Any writer, whether they’re new or seasoned, can always use ideas for how to improve their writing, or fuel for ideas for their writing. This post provides some information on a few books that I’ve found helpful.
1,000 Creative Writing Prompts, Volume 2: More Ideas for Blogs, Scripts, Stories and More by Bryan Cohen and Jeremiah Jones
This is an excellent book for any writer who’s ever been at a loss for something to write about, and that’s happened to every one of us at one time or another. This book includes prompts about time and place, people and creatures, the body and brain, concepts, money, love and entertainment, and a chapter of “mixed bag” prompts. So no matter what you’re writing about, you should be able to find a prompt that will help you come up with ideas.
The Yahoo! Style Guide: Writing for an Online Audience
The target audience for this book is people who write for Yahoo! Voices, however the information it provides is useful for anyone who writes online. Some of the suggestions provided include looking at main reason people will be visiting your site, how well your site answers your audience’s content needs, developing your site’s voice, and at the end, there are two sample blog posts provided — one has a headline and subheadings that are more ambiguous — you can’t really tell what the post is about just by reading them. The second however, has a headline that’s to the point, and you can tell exactly what the different sections are about from the subheadings.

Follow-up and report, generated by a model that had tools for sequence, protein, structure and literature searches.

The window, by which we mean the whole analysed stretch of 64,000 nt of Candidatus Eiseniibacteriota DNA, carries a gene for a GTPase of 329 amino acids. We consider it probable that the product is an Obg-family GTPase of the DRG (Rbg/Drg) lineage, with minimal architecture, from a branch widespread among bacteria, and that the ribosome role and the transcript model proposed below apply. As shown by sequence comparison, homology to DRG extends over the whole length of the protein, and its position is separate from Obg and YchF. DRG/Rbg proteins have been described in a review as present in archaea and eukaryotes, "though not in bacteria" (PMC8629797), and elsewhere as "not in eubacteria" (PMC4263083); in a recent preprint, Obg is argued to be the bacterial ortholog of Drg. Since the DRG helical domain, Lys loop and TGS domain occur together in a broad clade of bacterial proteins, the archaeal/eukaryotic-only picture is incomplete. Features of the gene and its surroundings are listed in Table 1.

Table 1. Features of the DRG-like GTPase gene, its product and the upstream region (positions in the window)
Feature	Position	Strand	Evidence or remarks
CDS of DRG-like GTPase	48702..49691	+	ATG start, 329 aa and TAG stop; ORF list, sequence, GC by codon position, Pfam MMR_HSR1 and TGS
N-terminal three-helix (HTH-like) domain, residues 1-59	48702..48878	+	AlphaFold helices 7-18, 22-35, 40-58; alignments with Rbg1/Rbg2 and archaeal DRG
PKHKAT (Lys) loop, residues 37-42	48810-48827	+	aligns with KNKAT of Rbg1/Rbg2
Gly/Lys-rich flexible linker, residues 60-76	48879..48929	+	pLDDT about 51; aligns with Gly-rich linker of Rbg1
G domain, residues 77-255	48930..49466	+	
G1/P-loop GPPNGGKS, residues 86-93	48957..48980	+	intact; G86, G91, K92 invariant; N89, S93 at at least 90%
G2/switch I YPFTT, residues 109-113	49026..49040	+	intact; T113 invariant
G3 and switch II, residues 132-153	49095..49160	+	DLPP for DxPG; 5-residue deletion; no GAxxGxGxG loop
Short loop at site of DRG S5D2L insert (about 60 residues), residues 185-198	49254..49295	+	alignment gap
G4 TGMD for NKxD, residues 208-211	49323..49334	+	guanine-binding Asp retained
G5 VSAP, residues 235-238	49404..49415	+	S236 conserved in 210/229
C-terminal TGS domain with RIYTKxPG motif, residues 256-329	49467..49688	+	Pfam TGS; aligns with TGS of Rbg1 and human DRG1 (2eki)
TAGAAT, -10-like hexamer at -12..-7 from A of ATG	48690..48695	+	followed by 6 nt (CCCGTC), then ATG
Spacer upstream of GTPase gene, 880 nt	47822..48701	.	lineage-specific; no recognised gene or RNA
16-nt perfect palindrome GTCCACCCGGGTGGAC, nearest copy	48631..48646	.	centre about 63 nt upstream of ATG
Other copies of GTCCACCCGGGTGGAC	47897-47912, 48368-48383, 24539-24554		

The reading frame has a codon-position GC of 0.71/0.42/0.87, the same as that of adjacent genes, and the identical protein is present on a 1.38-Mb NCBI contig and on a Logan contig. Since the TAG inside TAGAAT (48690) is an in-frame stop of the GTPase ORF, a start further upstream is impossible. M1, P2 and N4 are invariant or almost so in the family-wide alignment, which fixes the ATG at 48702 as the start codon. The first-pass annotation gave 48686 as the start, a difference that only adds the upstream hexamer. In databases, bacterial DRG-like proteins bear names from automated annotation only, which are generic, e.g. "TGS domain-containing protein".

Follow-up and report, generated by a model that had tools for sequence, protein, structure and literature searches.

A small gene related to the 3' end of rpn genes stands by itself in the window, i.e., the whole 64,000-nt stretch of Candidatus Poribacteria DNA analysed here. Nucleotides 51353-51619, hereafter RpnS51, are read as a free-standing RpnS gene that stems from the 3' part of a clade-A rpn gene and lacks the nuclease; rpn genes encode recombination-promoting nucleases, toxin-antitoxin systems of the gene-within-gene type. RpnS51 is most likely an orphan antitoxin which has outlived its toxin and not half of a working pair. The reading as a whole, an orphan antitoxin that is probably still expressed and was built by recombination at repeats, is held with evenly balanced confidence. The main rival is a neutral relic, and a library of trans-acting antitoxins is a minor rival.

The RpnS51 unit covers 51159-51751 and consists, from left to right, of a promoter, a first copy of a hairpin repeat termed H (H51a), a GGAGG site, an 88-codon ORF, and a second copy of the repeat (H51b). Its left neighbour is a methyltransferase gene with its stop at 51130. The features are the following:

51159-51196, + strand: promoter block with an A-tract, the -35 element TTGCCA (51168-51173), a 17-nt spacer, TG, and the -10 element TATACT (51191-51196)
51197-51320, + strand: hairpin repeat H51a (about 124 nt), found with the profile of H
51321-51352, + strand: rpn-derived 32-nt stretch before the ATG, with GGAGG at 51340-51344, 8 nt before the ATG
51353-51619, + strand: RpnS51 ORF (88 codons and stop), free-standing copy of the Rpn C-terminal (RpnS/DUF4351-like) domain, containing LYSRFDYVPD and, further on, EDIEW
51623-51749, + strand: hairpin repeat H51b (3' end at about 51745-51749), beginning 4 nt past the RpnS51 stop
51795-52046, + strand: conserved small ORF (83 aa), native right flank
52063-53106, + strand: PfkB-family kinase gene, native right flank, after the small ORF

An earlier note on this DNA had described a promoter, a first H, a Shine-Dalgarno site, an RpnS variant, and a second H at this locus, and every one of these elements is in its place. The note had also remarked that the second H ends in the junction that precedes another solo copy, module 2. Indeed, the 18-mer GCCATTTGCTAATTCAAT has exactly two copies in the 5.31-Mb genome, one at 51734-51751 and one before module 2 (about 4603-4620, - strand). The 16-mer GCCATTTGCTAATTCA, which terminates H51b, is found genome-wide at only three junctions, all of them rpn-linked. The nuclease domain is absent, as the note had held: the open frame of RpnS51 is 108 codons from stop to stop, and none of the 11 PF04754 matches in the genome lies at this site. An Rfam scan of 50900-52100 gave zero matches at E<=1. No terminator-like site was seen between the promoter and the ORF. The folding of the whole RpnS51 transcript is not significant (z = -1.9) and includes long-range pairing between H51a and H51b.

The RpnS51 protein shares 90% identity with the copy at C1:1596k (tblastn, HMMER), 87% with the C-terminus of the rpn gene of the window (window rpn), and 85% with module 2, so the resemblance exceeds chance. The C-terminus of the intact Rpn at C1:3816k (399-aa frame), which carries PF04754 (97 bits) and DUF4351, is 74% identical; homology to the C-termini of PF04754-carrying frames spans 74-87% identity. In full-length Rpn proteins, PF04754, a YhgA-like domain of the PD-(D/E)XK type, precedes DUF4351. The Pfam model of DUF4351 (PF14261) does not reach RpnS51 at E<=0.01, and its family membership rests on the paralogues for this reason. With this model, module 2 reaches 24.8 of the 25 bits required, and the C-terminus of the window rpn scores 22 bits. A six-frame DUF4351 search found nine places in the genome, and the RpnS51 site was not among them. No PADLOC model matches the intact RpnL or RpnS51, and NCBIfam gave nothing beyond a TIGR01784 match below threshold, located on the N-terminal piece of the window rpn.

How to Write Better by Martin Li
This book is useful for anyone who writes, whether they self-publish or send their manuscripts to traditional publisher; it’s also useful for anyone who writes online. D.R. Humphrey goes through four steps — checking for the right words, which includes checking spelling and grammar, and checking for misused words and overused words; making sure you’re showing instead of telling, if appropriate, getting rid of repetition and wordiness, not abusing commas, and avoiding clichés; the next section discusses dialogue and plot — in this section you’ll check to make sure your voice and point of view are consistent, and that your dialogue is interesting. The last section is two parts that are done at the same time — you print out your book and read it out loud, and as you’re reading it, you’re also creating a style sheet to check for consistency — D.R. Humphrey explains how to create the style sheet. He finishes the book by providing a short list of do’s and don’ts.
These are some books that I’ve found to be very helpful for my writing. I hope you all find them useful as well — if you know of any other books about writing that you’ve found helpful, please feel free to comment — and if you enjoyed this post, please click on the heart to recommend it.